By Susan Mihalic
352 pages pp. Gallery/Scout Press. $27
Susan Mihalic's first novel -- recently picked up by Scout Press, an imprint of Simon & Schuster Inc., and scheduled for a September 1 release -- took several years before anyone decided to take a chance on it.
Given, it was a debut, and while Mihalic is an experienced writer and editor, agents still fell by the wayside time after time. Some, after asking the Taos resident to cut 100 pages or so for a rewrite.
Her book, titled "Dark Horses," follows the emotional roller coaster of a teenage girl who navigates the highly competitive world of professional horse eventing while steered by her father, an award-winning competitor and horse trainer with movie star looks. But, there is a very private secret between them. It is that aspect that likely was the reason potential agents were unwilling to take on the challenge of handing her book. In a word, it's incest.
Mihalic said she started working on it in 2005, "but a lot of that time was spent not writing." She said she maybe churned out a chapter once in a long time, but wasn't taking it seriously, thinking she had all the time in the world.
"Then, something sort of magical happened," she said. "I got rejected for a big residency program. It was truly an epiphany. I thought if I don't start working on this without the perfect environment, the perfect uninterrupted stretch of time, I'm never going to finish it. Or, any other book. That's when I really buckled down." That was in 2007.
So, she started writing in the evenings after work. When the process became a habit, she began to accumulate pages. "I finished the first draft (which was 600 pages) in 2009 and spent a year editing it, and then I had false starts with a couple of different agents, one I knew personally, one represented a friend. I sent it to the first agent, the one I knew personally. She read the first draft, she got right back to me and she said 'I love it. Cut 100 pages and send it back.' "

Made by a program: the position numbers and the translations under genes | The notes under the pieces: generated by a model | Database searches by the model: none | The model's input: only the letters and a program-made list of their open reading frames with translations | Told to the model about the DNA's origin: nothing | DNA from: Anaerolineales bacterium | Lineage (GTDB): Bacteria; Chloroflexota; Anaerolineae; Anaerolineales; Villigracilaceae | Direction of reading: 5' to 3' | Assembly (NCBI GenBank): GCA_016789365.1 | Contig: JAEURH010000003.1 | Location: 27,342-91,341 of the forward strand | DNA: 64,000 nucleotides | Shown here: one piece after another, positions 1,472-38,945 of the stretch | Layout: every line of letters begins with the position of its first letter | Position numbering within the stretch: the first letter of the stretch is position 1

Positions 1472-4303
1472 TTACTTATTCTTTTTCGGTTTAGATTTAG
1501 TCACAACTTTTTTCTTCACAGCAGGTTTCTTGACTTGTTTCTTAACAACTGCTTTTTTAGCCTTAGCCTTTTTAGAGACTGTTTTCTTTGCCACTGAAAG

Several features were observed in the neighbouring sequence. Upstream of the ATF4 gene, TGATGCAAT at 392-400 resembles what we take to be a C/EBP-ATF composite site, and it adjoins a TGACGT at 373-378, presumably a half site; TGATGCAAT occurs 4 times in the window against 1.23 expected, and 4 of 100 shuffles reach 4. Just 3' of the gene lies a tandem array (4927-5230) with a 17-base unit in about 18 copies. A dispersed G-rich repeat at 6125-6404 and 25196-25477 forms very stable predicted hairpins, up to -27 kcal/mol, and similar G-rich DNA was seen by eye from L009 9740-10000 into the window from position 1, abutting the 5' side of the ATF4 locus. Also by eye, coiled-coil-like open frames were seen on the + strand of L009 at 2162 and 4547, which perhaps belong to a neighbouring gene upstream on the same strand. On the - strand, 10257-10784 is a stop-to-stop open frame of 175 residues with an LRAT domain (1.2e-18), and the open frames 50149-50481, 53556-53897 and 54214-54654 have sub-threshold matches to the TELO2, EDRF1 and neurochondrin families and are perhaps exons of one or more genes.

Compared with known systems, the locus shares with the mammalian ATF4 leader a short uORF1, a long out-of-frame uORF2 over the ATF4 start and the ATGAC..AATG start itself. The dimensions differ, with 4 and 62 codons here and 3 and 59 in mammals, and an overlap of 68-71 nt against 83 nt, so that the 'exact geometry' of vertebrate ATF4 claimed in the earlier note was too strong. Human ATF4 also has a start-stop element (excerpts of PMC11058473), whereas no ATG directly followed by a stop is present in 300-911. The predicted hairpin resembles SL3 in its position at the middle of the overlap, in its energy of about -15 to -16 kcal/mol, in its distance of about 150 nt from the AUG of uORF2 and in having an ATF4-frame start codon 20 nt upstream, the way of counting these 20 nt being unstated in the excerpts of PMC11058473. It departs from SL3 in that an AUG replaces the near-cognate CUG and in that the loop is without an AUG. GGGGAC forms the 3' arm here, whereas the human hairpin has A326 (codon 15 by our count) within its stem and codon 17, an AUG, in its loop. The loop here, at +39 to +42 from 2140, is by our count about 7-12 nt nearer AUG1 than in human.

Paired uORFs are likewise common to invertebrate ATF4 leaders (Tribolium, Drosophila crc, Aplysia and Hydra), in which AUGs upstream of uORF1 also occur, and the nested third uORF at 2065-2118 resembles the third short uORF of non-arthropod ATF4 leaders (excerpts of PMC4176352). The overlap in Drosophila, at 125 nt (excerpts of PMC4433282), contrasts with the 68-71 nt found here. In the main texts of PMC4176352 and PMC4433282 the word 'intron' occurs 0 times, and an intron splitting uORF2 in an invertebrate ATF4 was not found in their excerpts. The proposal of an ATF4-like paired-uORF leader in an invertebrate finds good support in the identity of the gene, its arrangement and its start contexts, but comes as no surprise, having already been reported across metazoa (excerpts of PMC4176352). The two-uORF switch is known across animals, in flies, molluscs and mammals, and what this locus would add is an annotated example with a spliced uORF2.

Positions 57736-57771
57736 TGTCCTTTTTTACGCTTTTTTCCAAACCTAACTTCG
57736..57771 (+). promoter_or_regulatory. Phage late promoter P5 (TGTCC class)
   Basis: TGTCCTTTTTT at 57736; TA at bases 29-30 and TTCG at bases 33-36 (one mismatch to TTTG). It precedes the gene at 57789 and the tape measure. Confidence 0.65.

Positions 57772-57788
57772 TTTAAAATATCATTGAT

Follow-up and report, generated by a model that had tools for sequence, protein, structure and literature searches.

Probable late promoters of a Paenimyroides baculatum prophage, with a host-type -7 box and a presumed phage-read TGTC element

After she sent it, Mihalic said she never heard from her after that. Another year passed, but Mihalic did not want to get discouraged. More time passed until one day she decided she was going to make a spreadsheet and set about sending the manuscript out to agents, a lot of them, all at once.
She took a week off from her day job and concentrated on attacking the problem like an army general marshaling all the resources at her command. "At the end of one week, I had an agent," she said. "I truly did it from eight to five every single day."
Did she think one of the reasons for all the rejections had to do with the disturbing subject matter? "Oh yes," she said. "I would get really nice rejections, and in its own way that was sort of encouraging. 'You've got a really strong voice but we don't think we can sell this.' 'This is going to be a tough sell.' But, I always knew it would be."